Hospital board needs lesson in transparencyTaxpayers in the El Camino Hospital District have to be disappointed in the secretive way CEO Ken Graham was terminated in February.
With no warning, at 10:20 p.m. after a closed session on Feb. 9, the El Camino board of directors announced that by a 3-2 vote, Graham's contract would not be renewed.
From that moment on, this one-vote majority of this publicly-elected board has given no indication about their reasoning for terminating Graham. But it did issue a statement noting his accomplishments during his nearly five years at the helm.
And oddly, whatever caused the breakup was not serious enough for the board to order Graham to vacate the hospital campus immediately. Instead, the board issued a brief statement saying that during the transition period, Graham "...will have full authority and responsibility as president and CEO" until his contract expires on June 30.
Graham has been virtually silent about the dismissal, issuing a brief statement, saying, "as with all CEOs, it is my role to serve at the will of the board," and "The El Camino Hospital team has had many accomplishments in the past four and a half years, and I am confident that the hospital will continue to do very well."
So far, at least, no one at El Camino has broken the bond of silence around Graham's ouster. The three board members who engineered the dismissal, board chair Wesley Alles, and members Patricia Einarson and Uwe Kladde, have steadfastly refused to comment. A hospital spokesperson, Chris Ernst, refers all queries to the "executive employment agreement" that apparently is behind the refusal of board members and Graham to even hint at what went wrong in the relationship.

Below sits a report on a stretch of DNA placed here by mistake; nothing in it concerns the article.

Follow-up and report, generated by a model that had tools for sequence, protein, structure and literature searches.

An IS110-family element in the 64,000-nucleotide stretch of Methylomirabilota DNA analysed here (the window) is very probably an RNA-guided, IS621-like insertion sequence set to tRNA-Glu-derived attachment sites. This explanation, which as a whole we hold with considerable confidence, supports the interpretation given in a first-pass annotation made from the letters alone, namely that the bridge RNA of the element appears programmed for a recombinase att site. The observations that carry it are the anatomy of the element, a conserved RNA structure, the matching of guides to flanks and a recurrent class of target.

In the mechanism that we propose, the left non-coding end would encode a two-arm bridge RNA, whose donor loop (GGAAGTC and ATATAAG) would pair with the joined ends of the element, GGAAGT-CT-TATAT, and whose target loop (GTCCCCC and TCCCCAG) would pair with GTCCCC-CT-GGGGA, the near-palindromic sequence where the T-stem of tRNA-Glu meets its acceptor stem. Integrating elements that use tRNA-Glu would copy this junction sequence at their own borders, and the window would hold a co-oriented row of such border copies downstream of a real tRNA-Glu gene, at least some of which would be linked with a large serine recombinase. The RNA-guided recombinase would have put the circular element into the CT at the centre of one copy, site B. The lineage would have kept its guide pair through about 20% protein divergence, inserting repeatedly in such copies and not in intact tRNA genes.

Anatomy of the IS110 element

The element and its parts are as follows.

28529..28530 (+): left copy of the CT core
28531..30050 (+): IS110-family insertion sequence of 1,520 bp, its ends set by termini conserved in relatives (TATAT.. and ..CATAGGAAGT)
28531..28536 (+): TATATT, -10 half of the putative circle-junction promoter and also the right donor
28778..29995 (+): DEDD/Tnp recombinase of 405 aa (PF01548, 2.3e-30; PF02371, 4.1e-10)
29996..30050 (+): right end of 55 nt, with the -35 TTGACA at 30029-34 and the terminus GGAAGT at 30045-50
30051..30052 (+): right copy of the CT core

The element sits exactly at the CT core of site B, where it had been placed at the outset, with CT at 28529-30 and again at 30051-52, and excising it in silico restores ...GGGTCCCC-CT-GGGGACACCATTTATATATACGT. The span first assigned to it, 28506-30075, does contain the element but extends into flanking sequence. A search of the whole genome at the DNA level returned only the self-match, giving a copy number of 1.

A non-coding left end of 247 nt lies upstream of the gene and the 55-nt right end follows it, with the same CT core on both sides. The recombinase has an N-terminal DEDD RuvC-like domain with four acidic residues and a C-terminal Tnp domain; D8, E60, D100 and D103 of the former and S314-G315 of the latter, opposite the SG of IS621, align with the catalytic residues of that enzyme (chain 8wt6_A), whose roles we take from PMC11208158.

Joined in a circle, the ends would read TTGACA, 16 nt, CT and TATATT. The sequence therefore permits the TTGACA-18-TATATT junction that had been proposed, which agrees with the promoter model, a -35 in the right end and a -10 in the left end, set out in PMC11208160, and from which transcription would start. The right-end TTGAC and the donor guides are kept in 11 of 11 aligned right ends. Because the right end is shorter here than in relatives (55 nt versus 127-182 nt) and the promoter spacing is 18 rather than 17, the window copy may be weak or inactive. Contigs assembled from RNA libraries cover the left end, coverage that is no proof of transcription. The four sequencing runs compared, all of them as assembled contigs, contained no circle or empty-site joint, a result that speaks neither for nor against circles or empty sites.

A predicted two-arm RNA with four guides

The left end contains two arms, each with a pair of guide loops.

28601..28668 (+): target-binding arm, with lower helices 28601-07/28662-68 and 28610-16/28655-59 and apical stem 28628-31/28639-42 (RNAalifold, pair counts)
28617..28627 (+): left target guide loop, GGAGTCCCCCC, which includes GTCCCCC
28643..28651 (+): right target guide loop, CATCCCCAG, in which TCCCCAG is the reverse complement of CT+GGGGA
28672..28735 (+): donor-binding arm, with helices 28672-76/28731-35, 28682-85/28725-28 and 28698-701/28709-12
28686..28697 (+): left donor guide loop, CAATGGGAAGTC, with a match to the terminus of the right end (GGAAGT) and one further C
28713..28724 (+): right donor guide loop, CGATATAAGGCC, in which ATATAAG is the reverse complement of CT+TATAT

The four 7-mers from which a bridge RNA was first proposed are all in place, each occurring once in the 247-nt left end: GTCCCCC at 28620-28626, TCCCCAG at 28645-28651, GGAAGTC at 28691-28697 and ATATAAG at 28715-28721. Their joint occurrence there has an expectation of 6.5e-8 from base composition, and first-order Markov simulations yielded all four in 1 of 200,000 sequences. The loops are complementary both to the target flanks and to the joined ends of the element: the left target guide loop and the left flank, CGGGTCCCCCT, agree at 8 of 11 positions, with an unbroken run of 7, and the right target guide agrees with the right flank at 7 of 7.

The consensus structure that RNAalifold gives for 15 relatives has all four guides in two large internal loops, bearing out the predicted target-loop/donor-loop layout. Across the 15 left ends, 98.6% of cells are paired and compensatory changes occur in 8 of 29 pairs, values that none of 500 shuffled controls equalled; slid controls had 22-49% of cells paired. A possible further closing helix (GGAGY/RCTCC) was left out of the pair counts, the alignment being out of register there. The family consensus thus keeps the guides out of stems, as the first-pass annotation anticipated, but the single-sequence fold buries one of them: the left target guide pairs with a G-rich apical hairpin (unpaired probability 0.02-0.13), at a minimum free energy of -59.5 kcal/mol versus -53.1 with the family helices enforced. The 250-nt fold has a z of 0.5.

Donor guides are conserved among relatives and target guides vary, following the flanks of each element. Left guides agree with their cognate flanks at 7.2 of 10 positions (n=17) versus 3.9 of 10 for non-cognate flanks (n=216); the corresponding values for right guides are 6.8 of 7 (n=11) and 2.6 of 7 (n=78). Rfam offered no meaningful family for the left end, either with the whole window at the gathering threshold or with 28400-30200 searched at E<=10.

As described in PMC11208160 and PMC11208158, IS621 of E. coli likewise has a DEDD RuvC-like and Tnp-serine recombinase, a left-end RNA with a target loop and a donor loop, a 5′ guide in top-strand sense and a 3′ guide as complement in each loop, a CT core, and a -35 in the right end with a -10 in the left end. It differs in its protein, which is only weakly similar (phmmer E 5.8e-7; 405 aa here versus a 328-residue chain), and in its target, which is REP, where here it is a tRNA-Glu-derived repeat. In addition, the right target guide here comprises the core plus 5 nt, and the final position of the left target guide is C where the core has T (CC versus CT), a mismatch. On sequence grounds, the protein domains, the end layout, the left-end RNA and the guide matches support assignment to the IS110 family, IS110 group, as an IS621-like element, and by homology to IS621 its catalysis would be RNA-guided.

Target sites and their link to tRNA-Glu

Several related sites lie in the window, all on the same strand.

The agreement's "Non-Disparagement" paragraph says both parties "...agree not to take action or make any statements that could cause the other party or parties any embarrassment or humiliation or otherwise reflect negatively on the parties or cause the other parties to be held in disrepute." It goes on to say that in the event of a violation, the "aggrieved party" has the right to seek legal relief.
In our view this boilerplate stipulation in Graham's contract should not trump the public's right to know why the CEO lost his job. Why can't this turn of events be discussed in the open without "disparaging" either Graham or the board?
Rather than restrict the flow of information, the contract should allow both sides to make a statement so the hospital's staff and the public have some idea about what happened.
The board's action has been roundly criticized by Willem P. Roelandts, a member of the hospital's foundation board, who said the decision has already hurt the foundation's fund-raising ability.
"I felt that it was very unprofessionally done," he told the Voice during a recent interview. Roelandts said he and other board members were frustrated, angered and "dumbounded" by the decision, which the foundation learned about after it had been made public.
Roelandts said he and his board colleagues received calls from donors asking if the hospital is faltering. He said he is sure the hospital will lose out on donations as a result of Graham's departure.
The impact of Graham's termination, and the way it was handled, leaves a black eye on the hospital that won't heal until the board makes it clear what caused the break-up. The board members are elected by residents of the district and entrusted to operate the hospital in an open and above-board fashion.
In this situation, we believe the El Camino board has its priorities out of order. It is the residents of the district, the employees of the hospital and the patients who should be served first by a fully transparent and open board of directors. Anything less is simply a violation of the trust placed in the board by its shareholders, who are the residents of the district and voted to create the district in the first place.